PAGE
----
George et al v. Doe

Filing 39

IT IS HEREBY ORDERED: Defendant John Doe's motion to dismiss 24 is GRANTED. This matter is DISMISSED WITHOUT PREJUDICE.(Written Opinion) Signed by Judge Wilhelmina M. Wright on 2/6/2024. (RMM)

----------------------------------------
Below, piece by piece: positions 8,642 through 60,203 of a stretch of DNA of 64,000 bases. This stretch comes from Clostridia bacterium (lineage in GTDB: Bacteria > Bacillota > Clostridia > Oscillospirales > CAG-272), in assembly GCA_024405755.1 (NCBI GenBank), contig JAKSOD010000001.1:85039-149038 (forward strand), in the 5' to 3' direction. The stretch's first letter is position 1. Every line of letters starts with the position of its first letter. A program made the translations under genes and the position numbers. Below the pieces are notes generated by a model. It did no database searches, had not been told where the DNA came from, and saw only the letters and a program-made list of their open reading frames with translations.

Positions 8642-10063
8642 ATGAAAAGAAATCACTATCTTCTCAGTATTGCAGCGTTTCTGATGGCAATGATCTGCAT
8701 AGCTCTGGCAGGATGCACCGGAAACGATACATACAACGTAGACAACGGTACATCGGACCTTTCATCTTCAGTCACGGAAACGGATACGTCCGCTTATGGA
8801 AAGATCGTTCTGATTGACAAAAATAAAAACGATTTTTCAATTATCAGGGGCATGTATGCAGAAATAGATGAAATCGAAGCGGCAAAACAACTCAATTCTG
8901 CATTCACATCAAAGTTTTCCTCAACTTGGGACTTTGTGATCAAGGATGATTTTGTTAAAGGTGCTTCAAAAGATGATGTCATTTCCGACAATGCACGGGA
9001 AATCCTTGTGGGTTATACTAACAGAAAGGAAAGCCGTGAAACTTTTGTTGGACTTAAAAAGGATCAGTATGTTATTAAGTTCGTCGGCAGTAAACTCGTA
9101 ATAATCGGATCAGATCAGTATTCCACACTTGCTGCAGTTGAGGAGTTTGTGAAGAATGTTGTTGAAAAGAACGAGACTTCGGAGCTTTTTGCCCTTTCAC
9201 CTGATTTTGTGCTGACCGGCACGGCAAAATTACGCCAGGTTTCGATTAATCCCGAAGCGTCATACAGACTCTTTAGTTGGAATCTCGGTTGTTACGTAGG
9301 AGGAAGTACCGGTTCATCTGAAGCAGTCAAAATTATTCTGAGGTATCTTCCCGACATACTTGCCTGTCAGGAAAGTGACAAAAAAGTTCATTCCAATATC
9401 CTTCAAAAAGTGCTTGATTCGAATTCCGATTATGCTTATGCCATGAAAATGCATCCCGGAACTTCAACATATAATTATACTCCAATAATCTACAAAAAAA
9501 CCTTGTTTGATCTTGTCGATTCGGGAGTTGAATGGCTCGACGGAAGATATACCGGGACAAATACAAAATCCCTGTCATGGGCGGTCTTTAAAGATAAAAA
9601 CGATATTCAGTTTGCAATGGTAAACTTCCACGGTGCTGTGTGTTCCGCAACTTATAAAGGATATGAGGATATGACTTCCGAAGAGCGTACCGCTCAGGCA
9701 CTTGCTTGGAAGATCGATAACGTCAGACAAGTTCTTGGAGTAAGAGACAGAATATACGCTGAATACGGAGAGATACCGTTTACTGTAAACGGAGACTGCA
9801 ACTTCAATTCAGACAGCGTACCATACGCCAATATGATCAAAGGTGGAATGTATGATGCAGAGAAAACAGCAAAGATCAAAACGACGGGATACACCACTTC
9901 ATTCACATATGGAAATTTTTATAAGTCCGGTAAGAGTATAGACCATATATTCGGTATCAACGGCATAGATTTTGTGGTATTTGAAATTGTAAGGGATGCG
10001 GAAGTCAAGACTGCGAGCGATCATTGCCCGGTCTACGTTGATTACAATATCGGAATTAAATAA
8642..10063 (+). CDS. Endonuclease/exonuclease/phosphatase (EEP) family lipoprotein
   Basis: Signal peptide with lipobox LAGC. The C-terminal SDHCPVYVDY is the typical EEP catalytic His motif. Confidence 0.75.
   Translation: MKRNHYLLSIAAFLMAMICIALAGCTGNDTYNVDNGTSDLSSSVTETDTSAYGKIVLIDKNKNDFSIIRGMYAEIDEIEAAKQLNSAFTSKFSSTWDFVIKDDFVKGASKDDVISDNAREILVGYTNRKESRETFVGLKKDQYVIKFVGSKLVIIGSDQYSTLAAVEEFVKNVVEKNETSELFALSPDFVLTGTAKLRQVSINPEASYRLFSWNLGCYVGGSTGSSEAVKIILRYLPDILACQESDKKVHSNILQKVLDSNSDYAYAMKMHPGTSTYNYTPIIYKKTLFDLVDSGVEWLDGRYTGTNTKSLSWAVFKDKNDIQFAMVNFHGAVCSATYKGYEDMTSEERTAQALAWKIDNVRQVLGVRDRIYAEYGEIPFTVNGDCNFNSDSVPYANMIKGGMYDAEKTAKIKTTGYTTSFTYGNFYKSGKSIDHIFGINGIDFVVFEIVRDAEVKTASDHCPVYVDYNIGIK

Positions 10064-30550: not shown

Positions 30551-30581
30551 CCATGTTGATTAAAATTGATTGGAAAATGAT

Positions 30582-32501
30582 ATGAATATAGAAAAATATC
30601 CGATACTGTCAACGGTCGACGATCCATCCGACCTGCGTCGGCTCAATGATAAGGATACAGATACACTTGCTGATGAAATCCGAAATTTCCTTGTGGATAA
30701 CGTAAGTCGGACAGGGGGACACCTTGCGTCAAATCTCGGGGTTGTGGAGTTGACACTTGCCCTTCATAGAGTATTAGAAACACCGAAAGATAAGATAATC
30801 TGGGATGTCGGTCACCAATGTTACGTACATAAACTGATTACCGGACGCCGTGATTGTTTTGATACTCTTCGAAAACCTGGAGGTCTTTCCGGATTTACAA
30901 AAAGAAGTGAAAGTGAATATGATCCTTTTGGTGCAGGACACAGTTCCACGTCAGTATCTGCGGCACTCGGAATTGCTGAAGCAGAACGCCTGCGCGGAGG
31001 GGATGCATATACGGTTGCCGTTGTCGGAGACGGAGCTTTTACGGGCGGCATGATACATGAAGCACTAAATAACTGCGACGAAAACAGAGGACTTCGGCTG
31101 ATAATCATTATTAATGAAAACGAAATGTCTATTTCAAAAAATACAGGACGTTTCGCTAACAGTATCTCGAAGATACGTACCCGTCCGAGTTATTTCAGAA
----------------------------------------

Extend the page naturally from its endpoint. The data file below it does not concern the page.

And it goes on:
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UNITED STATES DISTRICT COURT DISTRICT OF MINNESOTA Jason George and Timothy Gillen, as Trustees of the Operating Engineers Local #49 Health and Welfare Fund, Case No. 23-cv-1200 (WMW/ECW) Plaintiffs, ORDER v. John Doe, Defendant. This matter is before the Court on Defendant John Doe’s motion to dismiss Plaintiffs’ amended complaint pursuant to Federal Rules of Civil Procedure 12(b)(1) and 12(b)(6). For the reasons addressed below, the motion is granted. BACKGROUND Plaintiffs Jason George and Timothy Gillen bring this lawsuit on behalf of the Operating Engineers Local #49 Health and Wealth Fund (the “Fund”). The Fund is a Minnesota trust fund created and maintained pursuant to Section 302(c)(5) of the Labor Management Relations Act. The Fund is governed by a Board of Trustees (the “Board”). Half of the Trustees are employee representatives and half are employer representatives. From the Fund, the Board maintains and administers a self-insured multiemployer employee welfare benefit plan (the “Plan”). The Plan provides its participants and their dependents health and welfare benefits, including medical, prescription drug, dental, vision, disability, death and other benefits. Defendant John Doe is a beneficiary of the Fund and a participant of the Plan. 1 In August 2022, Doe’s adult dependent, who is covered by the Plan, received an outpatient bilateral mastectomy and nipple graft surgery to treat gender dysphoria. Subsequently, Doe sought reimbursement from the Plan for $6,442.73 in expenses incurred from the surgery. Doe’s request was denied because the Plan excludes “expenses related to transgender treatment and diagnosis” and expenses for “sex transformation.” (Dkt. 18 ¶ 34.) Doe timely appealed the Plan’s denial of his claim to the Board. Doe argued that the relevant exclusions violate state and federal antidiscrimination laws, including Title VII of the Civil Rights Act, the Americans with Disabilities Act, Section 1557 of the Affordable Care Act and the Minnesota Human Rights Act. The Board appointed a committee (the “Appeals Committee”) to review Doe’s claim. Plaintiffs are members of this committee. The Appeals Committee reviewed the claim and concluded that an open question of law must be answered to determine whether the Plan’s gender dysphoria exclusion is legally permissible. Before issuing a decision on Doe’s appeal, Plaintiffs on behalf of the Fund sued Doe in the United States District Court for the District of Minnesota. Doe and his dependent then filed charges with the Equal Opportunity Commission. Plaintiffs subsequently amended their complaint in this matter. Plaintiffs decline to identify John Doe and his dependent in the pleadings because of the “intensely personal” nature of issues raised by the amended complaint. 1 2 Plaintiffs seek (1) declaratory judgment that the Plan’s gender dysphoria exclusion is enforceable because Title VII does not apply to the Fund and the Plan’s exclusion does not violate any federal or Minnesota laws; (2) equitable relief in the form of a judicial ruling on an uncertain question of law as to the proper performance of Plaintiffs’ fiduciary duties in administering the plans assets and paying beneficiary claims pursuant; (3) an injunction prohibiting Doe and all similarly situated Plan participants from taking action to breach the Plan’s administrative exhaustion clause; and (4) an order enjoining Doe from taking action against the Fund on the basis that the fund is not in compliance with 29 C.F.R. § 2560.503-1 and tolling any applicable limitations period for administration of the Plan’s gender dysphoria exclusion until a final decision has been rendered in this matter. ANALYSIS A defendant may challenge a plaintiff’s complaint for lack of subject-matter jurisdiction either “on its face or on the factual truthfulness of its averments.” Titus v. Sullivan, 4 F.3d 590, 593 (8th Cir. 1993); Fed. R. Civ. P. 12(b)(1). In a facial challenge, as presented here, the nonmoving party “receives the same protections as it would defending against a motion brought under Rule 12(b)(6).” Osborn v. United States, 918 F.2d 724, 729 n.6 (8th Cir. 1990). A complaint must be dismissed if it fails to state a claim on which relief can be granted. Fed. R. Civ. P. 12(b)(6). To survive a motion to dismiss for failure to state a claim, the complaint must allege sufficient facts that, when accepted as true, state a facially plausible claim to relief. Ashcroft v. Iqbal, 556 U.S. 662, 678 (2009). When determining whether the complaint states such a claim, a district court accepts as true all factual 3 allegations in the complaint and draws all reasonable inferences in the plaintiff’s favor. Blankenship v. USA Truck, Inc., 601 F.3d 852, 853 (8th Cir. 2010). The factual allegations need not be detailed, but they must be sufficient to “raise a right to relief above the speculative level” and “state a claim to relief that is plausible on its face.” Bell Atl. Corp. v. Twombly, 550 U.S. 544, 555, 570 (2007). A plaintiff must offer more than “labels and conclusions” or a “formulaic recitation of the elements of a cause of action.” Id. at 555. Legal conclusions that are couched as factual allegations may be disregarded by the district court. See Iqbal, 556 U.S. at 678–79. I. Ripeness Counts I and II of the amended complaint ask the Court to determine whether the Plan’s gender dysphoria exclusion is enforceable, whether Title VII applies to the Fund and whether the exclusion violates any federal or state laws. Doe argues that these claims should be dismissed because Plaintiffs have not made a final decision on Doe’s appeal and because Doe has not yet exhausted Doe’s administrative remedies. Plaintiffs contend that declaratory judgment is appropriate to address its outstanding question of law. “Standing and ripeness are sometimes closely related” and, when assessing ripeness, courts “focus on whether the case involves contingent future events that may not occur as anticipated, or indeed may not occur at all.” Kennedy v. Ferguson, 679 F.3d 998, 1001 (8th Cir. 2012) (citation omitted). “The doctrine of ripeness is basically a matter of timing, which requires (1) a sufficiently concrete case or controversy within the meaning of Article III of the Constitution, and also, (2) prudential considerations must justify the present exercise of judicial power.” Gopher Oil Co. v. Bunker, 84 F.3d 1047, 1050 (8th Cir. 1996) 4 (internal quotation marks omitted). When a plaintiff seeks a declaratory judgment, “there must exist a substantial controversy between the parties having adverse legal interests, of sufficient immediacy and reality to warrant the issuance of a declaratory judgment.” Id. (internal quotation marks omitted). The ripeness inquiry requires a court to examine “the fitness of the issues for judicial decision and the hardship to the parties of withholding court consideration.” Neb. Pub. Power Dist. v. MidAmerican Energy Co., 234 F.3d 1032, 1038 (8th Cir. 2000) (citation and internal quotation marks omitted). A. Fitness of the Issues for Judicial Decision Under the fitness prong, a case “is more likely to be ripe if it poses a purely legal question and is not contingent on future possibilities.” Pub. Water Supply Dist. No. 10 of Cass Cnty., Mo. v. City of Peculiar, Mo., 345 F.3d 570, 573 (8th Cir. 2003). Plaintiffs argue this case is fit for judicial review by analogizing this case to Dakotas & W. Minnesota Elec. Indus. Health & Welfare Fund by Stainbrook & Christian v. First Agency, Inc., 865 F.3d 1098, 1103 (8th Cir. 2017). But Dakotas is distinguishable from this case because the disputed issue is not the same. In Dakotas, the parties disputed which plan should pay the expenses arising from a collegiate athlete’s injury, the athlete’s parent’s plan, or the college’s plan. 865 F.3d at 1103. In this case, the dispute pertains only to coverage from the Plan. Similarly, Plaintiffs cite Nat’l Union Fire Ins. Co. v. Viracon, Inc., No. 16-cv-0482 (PAM/SER), 2016 WL 5402741, at *2 (D. Minn. Sept. 26, 2016), in support of their argument that this case is fit for judicial review. This argument also is unavailing. Nat’l 5 Union Fire Ins. Co. addressed whether an insurer had a duty to defend or indemnify when an underlying litigation was still ongoing or unresolved. 2016 WL 5402741, at *2. Here, unlike the dispute in Nat’l Union Fire Ins. Co., there is no underlying litigation that would affect the parties’ rights. Plaintiffs are the sole decision makers as to Doe’s claim. Doe has submitted a claim for reimbursement, which was denied. Doe properly appealed the decision to the Board, who appointed the Appeals Committee to review Doe’s claim. It is undisputed by the parties that a final decision on Doe’s appeal has not been made. Instead, Plaintiffs initiated this lawsuit, on behalf of the fund, seeking a declaratory judgment on issues of law that Doe raised in his appeal. Plaintiffs seek an advisory opinion from the Court on a myriad of hypothetical circumstances that Plaintiffs believe might occur if Plaintiffs deny Doe’s appeal. Plaintiffs have failed to establish that Counts I and II are fit for judicial review. B. Hardship to the Parties of Withholding Court Consideration The Court next considers the hardship prong of the ripeness inquiry. To establish the hardship prong, Plaintiffs must allege that they have sustained or are immediately in danger of sustaining a direct injury. O’Shea v. Littleton, 414 U.S. 488, 494 (1974). The threatened injury must be “certainly impending” to be ripe. See Paraquad, Inc. v. St. Louis Hous. Auth., 259 F.3d 956, 958-59 (8th Cir. 2001) (quoting Babbitt v. United Farm Workers Nat’l Union, 442 U.S. 289, 298 (1979)). Plaintiffs allege that an injury is “certainly impending” because Doe could sue Plaintiffs following their decision. This allegation is speculative because Doe is required to receive a right to sue letter from the EEOC before bringing a lawsuit under Title VII. 6 There are multiple other possibilities that could occur before Doe is able to bring a lawsuit against Plaintiffs. Plaintiffs have not established that they have sustained an injury, nor have they established that they are in immediate danger of sustaining an injury. Accordingly, Plaintiffs have failed to establish the hardship prong of the ripeness inquiry. Because Counts I and II of the Complaint are not ripe for review, Counts I and II are dismissed without prejudice. II. Injunctive Relief A request for injunctive relief is moot if the injunctive relief sought would no longer have any meaning for the party seeking it. See McFarlin v. Newport Special Sch. Dist., 980 F.2d 1208, 1210-11 (8th Cir. 1992); see also Reyes v. City of Lynchburg, 300 F.3d 449, 453 (4th Cir. 2002) (holding that after ordinance was repealed “[t]he question of overbreadth [did] not present a live case or controversy” and the facial overbreadth challenge was moot). Counts III and IV of the amended complaint request injunctive relief. In Count III, Plaintiffs seek to enjoin plan participants from taking actions that breach the terms of the Plan. In Count IV, Plaintiffs seek to bar Doe from acting against the Fund and to toll any limitations period for administration of the Plan’s gender dysphoria exclusion. Plaintiffs’ request for injunctive relief is dependent on the Court’s exercise of jurisdiction as to Counts I and II. As Counts I and II are dismissed as unripe, the injunctive relief claims are moot. Counts III and IV, therefore, are dismissed without prejudice. 7 ORDER Based on the foregoing analysis and all the files, records and proceedings herein, IT IS HEREBY ORDERED: 1. Defendant John Doe’s motion to dismiss, (Dkt. 24), is GRANTED. 2. This matter is DISMISSED WITHOUT PREJUDICE. LET JUDGMENT BE ENTERED ACCORDINGLY. Dated: February 6, 2024 s/Wilhelmina M. Wright Wilhelmina M. Wright United States District Judge 8